Educating through media

Addressing disabled pre-school readiness

19 January 2020 | Education

Dr Lee Ann Palmer; Kiburi Media Solutions; “I thought of how the Namibian child is robbed of their potential future.”

Walvis Bay • [email protected]


Kiburi Media Solutions, a multifaceted company from the coast, aims to mitigate the pre-school readiness problem faced by children with disabilities at pre-school level.

The company, which was founded in 2018, plans to produce interesting, entertaining and educational programmes on a variety of well-researched topics for early childhood development.

Founder Dr Lee Ann Palmer said that the company was encouraged to act due to an apparent lack of facilities that cater for people with disabilities in Namibia. Statistics indicate that 90% of children living with disabilities have never been to pre-school or to a nursery (UNICEF, 2004).

“I thought of how the Namibian child is robbed of their potential future. Many people living with disabilities in the developing world still face stigma and isolation, and this is evident within our own country. The worst affected are often young children whose parents can struggle against cultural and systemic barriers,” Palmer said.

According to early child development writer Elaine Hunter, 82% of disabled children aged over five years have never attended school in rural areas compared to 18% in the country’s urban areas.

Palmer, who is also a veterinarian, said another reason for starting the company was to use the educational power of the media to help children reach their highest potential.

“Most Namibian families own television sets or have access to a radio. This could be very effective especially for those who don’t have the financial means.”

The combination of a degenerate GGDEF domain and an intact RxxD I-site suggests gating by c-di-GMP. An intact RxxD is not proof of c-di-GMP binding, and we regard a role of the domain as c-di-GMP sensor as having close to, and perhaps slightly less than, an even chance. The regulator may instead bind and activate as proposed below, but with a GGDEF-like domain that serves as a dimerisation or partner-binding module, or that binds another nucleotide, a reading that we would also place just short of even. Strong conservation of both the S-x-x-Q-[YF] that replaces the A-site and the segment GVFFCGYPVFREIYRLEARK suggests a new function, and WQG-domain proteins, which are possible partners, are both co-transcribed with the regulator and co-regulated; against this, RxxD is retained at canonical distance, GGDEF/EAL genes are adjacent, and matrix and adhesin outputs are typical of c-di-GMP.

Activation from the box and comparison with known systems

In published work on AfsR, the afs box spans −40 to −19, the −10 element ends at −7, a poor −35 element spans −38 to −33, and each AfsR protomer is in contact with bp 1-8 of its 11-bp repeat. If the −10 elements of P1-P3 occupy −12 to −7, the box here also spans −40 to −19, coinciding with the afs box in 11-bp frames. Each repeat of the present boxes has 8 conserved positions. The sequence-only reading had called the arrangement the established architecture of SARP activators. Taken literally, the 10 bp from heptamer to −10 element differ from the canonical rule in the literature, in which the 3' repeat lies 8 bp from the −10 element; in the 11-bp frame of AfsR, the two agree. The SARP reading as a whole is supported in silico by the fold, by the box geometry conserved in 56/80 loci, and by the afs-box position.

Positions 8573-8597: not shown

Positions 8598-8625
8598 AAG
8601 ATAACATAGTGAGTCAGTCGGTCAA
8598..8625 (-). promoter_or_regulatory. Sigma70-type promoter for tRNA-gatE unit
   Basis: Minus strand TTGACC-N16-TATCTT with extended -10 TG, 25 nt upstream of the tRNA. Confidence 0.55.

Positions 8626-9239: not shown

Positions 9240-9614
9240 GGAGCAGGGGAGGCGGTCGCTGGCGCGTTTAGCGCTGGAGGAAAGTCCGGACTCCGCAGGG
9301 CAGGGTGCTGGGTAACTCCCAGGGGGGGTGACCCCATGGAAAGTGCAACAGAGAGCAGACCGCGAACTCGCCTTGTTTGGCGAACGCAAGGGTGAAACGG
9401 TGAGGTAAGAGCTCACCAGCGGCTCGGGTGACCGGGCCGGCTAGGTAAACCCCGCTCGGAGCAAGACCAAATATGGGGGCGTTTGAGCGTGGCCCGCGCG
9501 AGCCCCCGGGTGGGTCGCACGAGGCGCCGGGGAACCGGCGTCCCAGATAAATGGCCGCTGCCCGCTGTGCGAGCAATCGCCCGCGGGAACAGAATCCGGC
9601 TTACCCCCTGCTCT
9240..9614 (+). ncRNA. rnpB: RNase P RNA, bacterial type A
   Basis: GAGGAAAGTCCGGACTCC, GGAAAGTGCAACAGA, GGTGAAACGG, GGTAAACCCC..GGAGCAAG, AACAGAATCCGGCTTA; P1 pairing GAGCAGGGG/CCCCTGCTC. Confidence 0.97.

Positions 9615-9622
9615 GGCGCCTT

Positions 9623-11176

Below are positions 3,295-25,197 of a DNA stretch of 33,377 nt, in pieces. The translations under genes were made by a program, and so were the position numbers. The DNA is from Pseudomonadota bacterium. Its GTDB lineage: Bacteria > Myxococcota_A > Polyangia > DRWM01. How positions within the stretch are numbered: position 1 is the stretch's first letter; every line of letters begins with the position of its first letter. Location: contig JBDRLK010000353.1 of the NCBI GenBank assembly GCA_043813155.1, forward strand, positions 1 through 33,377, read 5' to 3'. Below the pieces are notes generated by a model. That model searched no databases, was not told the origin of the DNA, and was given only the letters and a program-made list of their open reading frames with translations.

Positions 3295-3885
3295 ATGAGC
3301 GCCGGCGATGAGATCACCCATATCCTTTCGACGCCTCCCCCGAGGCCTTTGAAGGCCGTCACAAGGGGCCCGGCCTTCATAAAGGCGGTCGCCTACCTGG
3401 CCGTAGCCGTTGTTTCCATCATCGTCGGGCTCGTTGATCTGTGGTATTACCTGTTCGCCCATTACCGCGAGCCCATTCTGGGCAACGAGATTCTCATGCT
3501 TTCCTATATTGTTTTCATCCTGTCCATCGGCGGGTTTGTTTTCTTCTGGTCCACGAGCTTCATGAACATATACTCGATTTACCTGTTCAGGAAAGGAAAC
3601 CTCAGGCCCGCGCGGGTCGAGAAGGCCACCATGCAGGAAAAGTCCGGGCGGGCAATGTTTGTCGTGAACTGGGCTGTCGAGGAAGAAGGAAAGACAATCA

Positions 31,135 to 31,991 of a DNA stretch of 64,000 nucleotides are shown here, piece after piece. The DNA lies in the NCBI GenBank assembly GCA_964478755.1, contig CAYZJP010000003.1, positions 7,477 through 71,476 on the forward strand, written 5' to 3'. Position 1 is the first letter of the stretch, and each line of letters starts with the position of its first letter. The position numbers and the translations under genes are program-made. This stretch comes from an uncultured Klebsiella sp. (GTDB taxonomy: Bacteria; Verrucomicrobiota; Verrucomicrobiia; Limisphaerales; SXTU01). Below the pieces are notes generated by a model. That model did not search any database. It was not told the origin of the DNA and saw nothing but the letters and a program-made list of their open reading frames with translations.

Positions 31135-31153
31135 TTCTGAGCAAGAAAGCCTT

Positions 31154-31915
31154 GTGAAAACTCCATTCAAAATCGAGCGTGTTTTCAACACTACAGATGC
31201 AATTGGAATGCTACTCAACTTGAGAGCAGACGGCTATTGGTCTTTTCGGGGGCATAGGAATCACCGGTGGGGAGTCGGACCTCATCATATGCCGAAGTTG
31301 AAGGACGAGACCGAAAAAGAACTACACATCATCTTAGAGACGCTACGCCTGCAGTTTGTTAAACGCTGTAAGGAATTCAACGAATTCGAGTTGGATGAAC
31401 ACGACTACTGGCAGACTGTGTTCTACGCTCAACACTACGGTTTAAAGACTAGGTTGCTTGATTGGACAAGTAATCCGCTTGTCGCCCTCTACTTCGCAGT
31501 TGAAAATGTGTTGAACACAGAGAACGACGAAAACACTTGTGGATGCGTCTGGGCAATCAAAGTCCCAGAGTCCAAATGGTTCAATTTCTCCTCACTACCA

Keeping busy

Kiburi Media Solution aims to address the critical educational needs of pre-school children and deliver research-based, goal-directed content across a variety of media platforms, Palmer explained.

The company held its first auditions for presenters in Walvis Bay between December 2018 and February 2019, with numerous contestants participating.

Thereafter the company launched its Kiburi sound label and signed a local artist to produce tunes that will be used as educational therapy and for children’s musical entertainment.

At the moment Kiburi Media Solutions is expanding its foundation to accommodate more experts to address critical problem that children with disabilities face in terms of pre-school readiness.

“Kiburi” is a Kiswahili word which means “pride”.

“We felt it’s time we celebrate Namibian pride by producing content in English but fusing it with local languages. We could even share our content with other neighbouring African countries,” Palmer said.

She added that she would like to help the youth of Walvis Bay with the different programmes offered by Kiburi Media Solutions.

“We discovered that many teenagers don’t really understand some of the careers they choose. They just use basic knowledge or are forced to make a decision by their parents.”

The Young Achievers of Walvis Bay approached the company to educate teenagers on career guidance in 2019. In reaction, Kiburi Media Solutions developed a course to help gear the youth on job direction.

According to Palmer, there are not enough recreational facilities in Walvis Bay, especially for special needs children.

“At the moment children with disabilities have no access to the current facilities available. During case studies that we conducted, we saw that children with wheelchairs are limited to park activities and indoor recreational areas.”

To improve this situation, Kiburi is planning on establishing recreational parks adapted for both indoor and outdoor facilities to cater for special needs.

She thanked various individuals and companies for their support so far.

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